Fidelity Investments recently proved the line about how an 800-pound gorilla gets to sit “anywhere it wants” when the company announced a new suite of sector-oriented exchange-traded funds, and squatted squarely in the territory of low costs, essentially ensuring that investors are about to enjoy the fruits of a cost-cutting war as the industry’s big apes slug it out.
The headline news was that Fidelity launched 10 new passive-sector exchange-traded funds (ETF), each with a total expense ratio of 0.12 percent, and available commission-free through the company’s brokerage platforms.
While Fidelity touted that the expense level represents roughly an 80 percent discount to the average ETF in the space, the real story is that the Fidelity MSCI Index ETFs launched with costs that are 0.02 points less than Vanguard offerings tracking essentially the same indexes.
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“These companies are embarking on a pretty ugly price war,” said industry consultant Geoff Bobroff of East Greenwich, R.I. “For investors, this has the potential to be a pretty glorious time, because once prices have dropped, there’s really no way for the companies to bring them back.”
While Fidelity has been slow to enter the ETF space, its recent announcement changed all that.
“Fidelity is not just seeking entry into the ETF business, but is clearly seeking market share from the get-go in the sector ETF sleeve [of the business],” said Jim Lowell, editor of the Fidelity Investor newsletter.
Industry watchers note that Fidelity has played this game before, and with great success.
Years ago, Fidelity engaged in a price war with Dreyfus in the money-market fund space, each waiving fees to create the highest yield possible, hoping to capture market share even if the business model was showing minimal, if any profits as a result.
Fidelity could engage in that kind of war because its core revenues were not particularly tied to the money-market business.
Fast forward about two decades and Fidelity — in part because it was late to get into the ETF business — is not particularly dependent on the revenues it gets from index funds or ETFs. By comparison, Vanguard’s fortunes are much more tied to those segments.
Thus, Fidelity can come in and cut costs without crushing its profit margins under the weight of the incentives; the company less positioned to survive that fight with its profit margins staying healthy would be Vanguard.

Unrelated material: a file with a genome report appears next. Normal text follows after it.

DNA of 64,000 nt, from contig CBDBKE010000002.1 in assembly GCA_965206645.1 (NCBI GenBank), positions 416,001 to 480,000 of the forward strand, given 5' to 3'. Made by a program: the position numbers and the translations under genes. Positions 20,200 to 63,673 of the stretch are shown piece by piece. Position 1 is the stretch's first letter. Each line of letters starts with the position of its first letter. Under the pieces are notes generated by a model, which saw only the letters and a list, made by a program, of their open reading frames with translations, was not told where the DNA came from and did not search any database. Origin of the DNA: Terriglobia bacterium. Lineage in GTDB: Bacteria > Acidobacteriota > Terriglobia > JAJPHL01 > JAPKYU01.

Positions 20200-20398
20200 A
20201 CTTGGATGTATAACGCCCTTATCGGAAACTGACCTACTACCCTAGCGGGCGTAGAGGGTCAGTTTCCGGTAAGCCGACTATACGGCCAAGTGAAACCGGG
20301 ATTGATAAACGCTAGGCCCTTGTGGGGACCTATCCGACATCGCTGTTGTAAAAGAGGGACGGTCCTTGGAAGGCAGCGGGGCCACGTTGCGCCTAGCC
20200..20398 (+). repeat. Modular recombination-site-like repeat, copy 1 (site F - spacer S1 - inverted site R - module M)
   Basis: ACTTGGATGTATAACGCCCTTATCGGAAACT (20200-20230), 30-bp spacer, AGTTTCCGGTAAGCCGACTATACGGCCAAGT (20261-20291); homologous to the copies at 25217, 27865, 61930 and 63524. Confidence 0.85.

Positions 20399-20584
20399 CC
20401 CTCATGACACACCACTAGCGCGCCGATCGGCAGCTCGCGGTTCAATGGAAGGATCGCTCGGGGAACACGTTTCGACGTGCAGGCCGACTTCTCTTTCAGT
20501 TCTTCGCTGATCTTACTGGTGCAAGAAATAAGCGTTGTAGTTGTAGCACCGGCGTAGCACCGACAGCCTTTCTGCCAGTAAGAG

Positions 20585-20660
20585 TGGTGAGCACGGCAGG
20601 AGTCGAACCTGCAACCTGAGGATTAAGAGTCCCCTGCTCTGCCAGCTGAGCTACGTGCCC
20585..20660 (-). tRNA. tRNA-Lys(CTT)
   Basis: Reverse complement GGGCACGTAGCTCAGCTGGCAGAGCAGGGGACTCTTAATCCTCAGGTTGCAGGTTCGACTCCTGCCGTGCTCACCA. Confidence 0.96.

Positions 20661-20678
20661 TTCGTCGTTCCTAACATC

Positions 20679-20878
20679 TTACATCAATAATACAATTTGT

Either way, anyone who buys, trades or considers ETFs benefits from a better cost structure.
No one seems to think that Fidelity’s move puts prices at absolute rock-bottom; there’s still some room for future price cutting.
Exchange-traded funds are mutual funds built to trade moment by moment like stocks; with low costs, tax advantages and ease of trading, ETFs — most of which track a stock or bond index — have racked up roughly $1.6 trillion in assets, or about 10 percent of all assets now held in funds.
Fidelity’s 10 new ETFs are all based on MSCI sector indexes; the firm has hired another ETF giant in BlackRock to act as sub-adviser for the funds; in siding with Fidelity, BlackRock — which also runs the iShares ETFs — helps apply the pressure to Vanguard.
Fidelity and BlackRock had already collaborated on ETF development; earlier this year, they expanded to 65 the number of BlackRock funds available to Fidelity brokerage clients on a commission-free basis; they also have acknowledged working to develop asset-allocation products that, when opened, will carry the Fidelity brand.
Fidelity also plans to create five actively managed bond ETFs, which will be run by its own fixed-income team.
But the real story could be in what happens next. Vanguard recently announced changes to its fund structure.
Vanguard took steps that effectively will allow investors to choose an ETF share class of existing funds, without commissions; this will allow for much greater presence of ETFs in retirement plans, so long as investors there are willing to forego the minute-by-minute trading features.
Because Vanguard holds a patent on the structure that allows a fund company to simply make an ETF as an additional share class of an existing mutual fund, other firms have been working to get around the roadblocks, and the Securities and Exchange Commission seems inclined to move out of the way and leave the big gorillas to slug it out over market forces.
“Innovation in this business is going to keep coming, and we’re definitely looking at what will be next,” said Ram Subramaniam, president of Fidelity Brokerage.
“If you look at the 401(k), investors are starting to save more and are getting more educated and using more tools and better-refined strategies … and they want the advantages of ETFs available to them, but they are less worried about the intraday trading and liquidity. … They can get ETFs now if their 401(k) has a self-directed brokerage window, but I think it’s safe to say the entire industry is looking to see what it can do in this space.”
One thing Fidelity’s move may slow down is the emergence of more actively managed ETFs; while plenty of firms are looking into turning traditional funds into ETFs, the low costs and the potential for a price war could bring that activity to a stop until firms are sure they can adopt an active ETF structure and still make money.
Said Bobroff: “You can waive expenses to attract assets, companies have shown that it works. But I don’t believe that if you come to market with a 10 basis-point ETF (expenses of 0.10 percent) that you can ever increase those costs. So fund companies have to be very careful with their long-term strategies right now but, in the meantime, this will get interesting and good for retail investors.”
Chuck Jaffe is senior columnist for MarketWatch. He can be reached at email@example.com or at P.O. Box 70, Cohasset, MA 02025-0070.
Copyright 2013, MarketWatch